Although they had not yet disappeared, I felt an intense nostalgia for the craggy monumentalism of these titans; their sheer Mount Rushmore-ness. It was my very respect, which they sensed, that had helped propel me to leadership. They had put their trust in me, as a young upstart with only a couple of books of fiction to my name. And then I had betrayed them, by helping usher in the new feminised world order. Within a decade, these Olympians were in wheelchairs, their pipes and tweed jackets hocked off to Opportunity Shops for Breast Cancer Fundraising, their slim volumes of arcane verse and dusty novels of men anguishing alone in the bush, relegated to the Deep Stack in libraries, below ground water level.

Michael King and I looked at each other, squinting through the atmospheric blue haze of Shadbolt's effluvium. We knew we were the Trojan Horses in the room ... 'A variety of morbid symptoms ... '

Men can read each other. We know who our enemy is. A hundred thousand years of evolution has trained us to identify our foe.

The room was in consternation. A schism had opened up. I glanced across at Sandra Coney. She looked down at her notebook, and then up at me. There was a glint of triumph in her eye. She knew which way the tide was running. She had seen the future of literature in this country, and indeed across the Western World. The colossi were being toppled. The Monstrous Regiment of Women was on the march and a thousand novels of unshackled domesticity, of omnipotent oestrogen beckoned. The future was fecundity.

Testosterone, at least in its Steadian manifestation, was toast.

Author's note: This is an extract from an upcoming novel, Palsy of the Patriarchs

Sunday, 3 June 2018

Our Brilliant Friends - Life Under the Volcano

Lenu is serious, bookish, nerdy ... and Lila something of a femme fatale, even at the age of 18. Lila 'has eyes like a bird of prey' and embarks on a mission to bed the most eligible man in their impoverished Neapolitan neighbourhood - with ruthless success. My Brilliant Friend by Elena Ferrante has been a run away best-seller, and this is the first book in her series set in Naples.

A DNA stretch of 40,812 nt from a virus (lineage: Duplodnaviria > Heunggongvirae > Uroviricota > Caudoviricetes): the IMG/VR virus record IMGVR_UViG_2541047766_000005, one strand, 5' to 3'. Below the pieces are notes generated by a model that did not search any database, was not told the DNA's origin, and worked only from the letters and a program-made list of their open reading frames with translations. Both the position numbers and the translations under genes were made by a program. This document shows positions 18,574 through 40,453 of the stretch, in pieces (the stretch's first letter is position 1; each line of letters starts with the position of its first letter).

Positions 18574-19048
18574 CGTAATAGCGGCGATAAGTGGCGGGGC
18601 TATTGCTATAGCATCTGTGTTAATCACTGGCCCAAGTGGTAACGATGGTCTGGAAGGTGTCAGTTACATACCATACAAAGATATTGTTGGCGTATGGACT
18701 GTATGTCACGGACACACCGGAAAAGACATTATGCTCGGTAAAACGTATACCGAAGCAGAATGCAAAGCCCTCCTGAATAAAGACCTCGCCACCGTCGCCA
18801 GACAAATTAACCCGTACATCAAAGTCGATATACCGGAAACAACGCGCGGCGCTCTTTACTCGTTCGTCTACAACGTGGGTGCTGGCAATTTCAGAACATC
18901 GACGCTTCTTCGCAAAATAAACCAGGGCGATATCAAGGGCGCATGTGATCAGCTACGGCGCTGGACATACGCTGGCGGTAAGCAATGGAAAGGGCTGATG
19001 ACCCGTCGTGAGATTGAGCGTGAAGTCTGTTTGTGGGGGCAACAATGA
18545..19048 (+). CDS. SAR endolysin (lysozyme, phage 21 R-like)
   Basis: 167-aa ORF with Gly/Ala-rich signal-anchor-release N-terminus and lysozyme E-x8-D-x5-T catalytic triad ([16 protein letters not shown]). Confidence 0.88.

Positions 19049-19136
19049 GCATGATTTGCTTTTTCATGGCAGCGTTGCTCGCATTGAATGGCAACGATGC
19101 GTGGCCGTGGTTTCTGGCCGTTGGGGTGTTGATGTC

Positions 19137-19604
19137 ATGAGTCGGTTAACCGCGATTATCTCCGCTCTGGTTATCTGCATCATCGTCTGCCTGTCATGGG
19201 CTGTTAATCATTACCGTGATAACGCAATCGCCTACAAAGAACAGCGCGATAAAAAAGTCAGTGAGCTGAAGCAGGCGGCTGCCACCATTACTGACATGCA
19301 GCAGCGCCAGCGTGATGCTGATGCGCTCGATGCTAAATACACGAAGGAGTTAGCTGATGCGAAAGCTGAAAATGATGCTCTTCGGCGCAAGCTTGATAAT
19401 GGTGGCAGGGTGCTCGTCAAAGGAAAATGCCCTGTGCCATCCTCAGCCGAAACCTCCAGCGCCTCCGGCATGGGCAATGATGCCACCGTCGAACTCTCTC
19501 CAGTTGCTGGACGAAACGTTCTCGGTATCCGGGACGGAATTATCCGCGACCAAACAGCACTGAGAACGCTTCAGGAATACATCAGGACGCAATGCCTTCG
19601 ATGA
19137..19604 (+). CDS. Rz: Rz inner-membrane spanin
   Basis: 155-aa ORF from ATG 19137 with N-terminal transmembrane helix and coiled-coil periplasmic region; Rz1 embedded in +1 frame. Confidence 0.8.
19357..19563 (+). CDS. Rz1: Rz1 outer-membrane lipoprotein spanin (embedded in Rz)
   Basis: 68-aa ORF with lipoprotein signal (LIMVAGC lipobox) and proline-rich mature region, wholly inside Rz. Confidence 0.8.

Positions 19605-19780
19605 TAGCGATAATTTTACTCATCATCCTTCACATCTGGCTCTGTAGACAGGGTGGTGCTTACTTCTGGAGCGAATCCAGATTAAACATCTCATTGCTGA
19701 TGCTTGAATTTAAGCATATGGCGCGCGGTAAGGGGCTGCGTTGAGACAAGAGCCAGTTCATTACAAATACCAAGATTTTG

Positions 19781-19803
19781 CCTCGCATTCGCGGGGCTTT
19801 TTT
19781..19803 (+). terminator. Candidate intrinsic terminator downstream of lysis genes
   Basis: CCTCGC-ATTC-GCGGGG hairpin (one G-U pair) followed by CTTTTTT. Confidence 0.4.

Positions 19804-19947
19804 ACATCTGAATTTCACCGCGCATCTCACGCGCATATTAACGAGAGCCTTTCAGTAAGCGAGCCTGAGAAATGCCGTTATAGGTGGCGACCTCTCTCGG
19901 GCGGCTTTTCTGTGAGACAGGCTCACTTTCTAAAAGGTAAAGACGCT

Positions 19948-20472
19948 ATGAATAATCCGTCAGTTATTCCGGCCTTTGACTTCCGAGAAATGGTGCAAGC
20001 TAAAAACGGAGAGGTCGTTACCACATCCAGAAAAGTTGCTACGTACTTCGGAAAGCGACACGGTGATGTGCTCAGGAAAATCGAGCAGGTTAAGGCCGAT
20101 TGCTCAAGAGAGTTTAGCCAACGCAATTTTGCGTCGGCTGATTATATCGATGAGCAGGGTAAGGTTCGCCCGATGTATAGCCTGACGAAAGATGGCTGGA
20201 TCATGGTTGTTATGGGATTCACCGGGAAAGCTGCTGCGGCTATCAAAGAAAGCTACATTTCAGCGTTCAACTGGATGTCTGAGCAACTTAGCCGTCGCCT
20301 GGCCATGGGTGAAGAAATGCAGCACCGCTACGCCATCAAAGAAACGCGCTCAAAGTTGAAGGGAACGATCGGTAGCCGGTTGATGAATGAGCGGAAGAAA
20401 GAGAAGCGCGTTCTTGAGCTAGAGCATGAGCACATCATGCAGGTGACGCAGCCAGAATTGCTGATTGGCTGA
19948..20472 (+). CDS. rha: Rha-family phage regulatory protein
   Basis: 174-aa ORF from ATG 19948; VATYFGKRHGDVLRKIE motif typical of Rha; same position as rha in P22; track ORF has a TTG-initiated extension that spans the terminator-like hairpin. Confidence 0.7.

The two girls in HBO's rendition of My Brilliant Friend
Lila is both fascinating and repellent … in her superficiality and glamour she is like a minor refugee from Fellini’s La Dolce Vita,  also set in the 1960s, and she seems to be a rare creature quite well adapted to the harsh Neapolitan post-war world, with its working class kids striving for success, wanting to ‘marry well’ … obsessed by status, by clan honour and by family loyalties.

The novel was also a reminder – to me – of how much more socially adept women are than men … how extraordinarily calibrated they are, at least in this world, to status, alliances, secrets, slights, desperate hidden loves.

In some ways My Brilliant Friend is reminiscent of Marquez’s classic novel One Hundred Years of Solitude, with its feuding families, passionate Latin grudge-bearing, and doomed romances … but Marquez focuses on the poetic grandeur rather than the status feuds of these sprawling families wrecked by machismo, so his book feels much more profound.

I have stayed in these working class areas of Naples, and this novel is a compelling glimpse of the desperation of that supremely dysfunctional city in the shadow of the volcano Vesuvius.

Those of us who like Lenu were readers and good at school, often had a friend like Lila … someone shrewd, glamorous, cunning, but unwilling to turn those native gifts into academic success.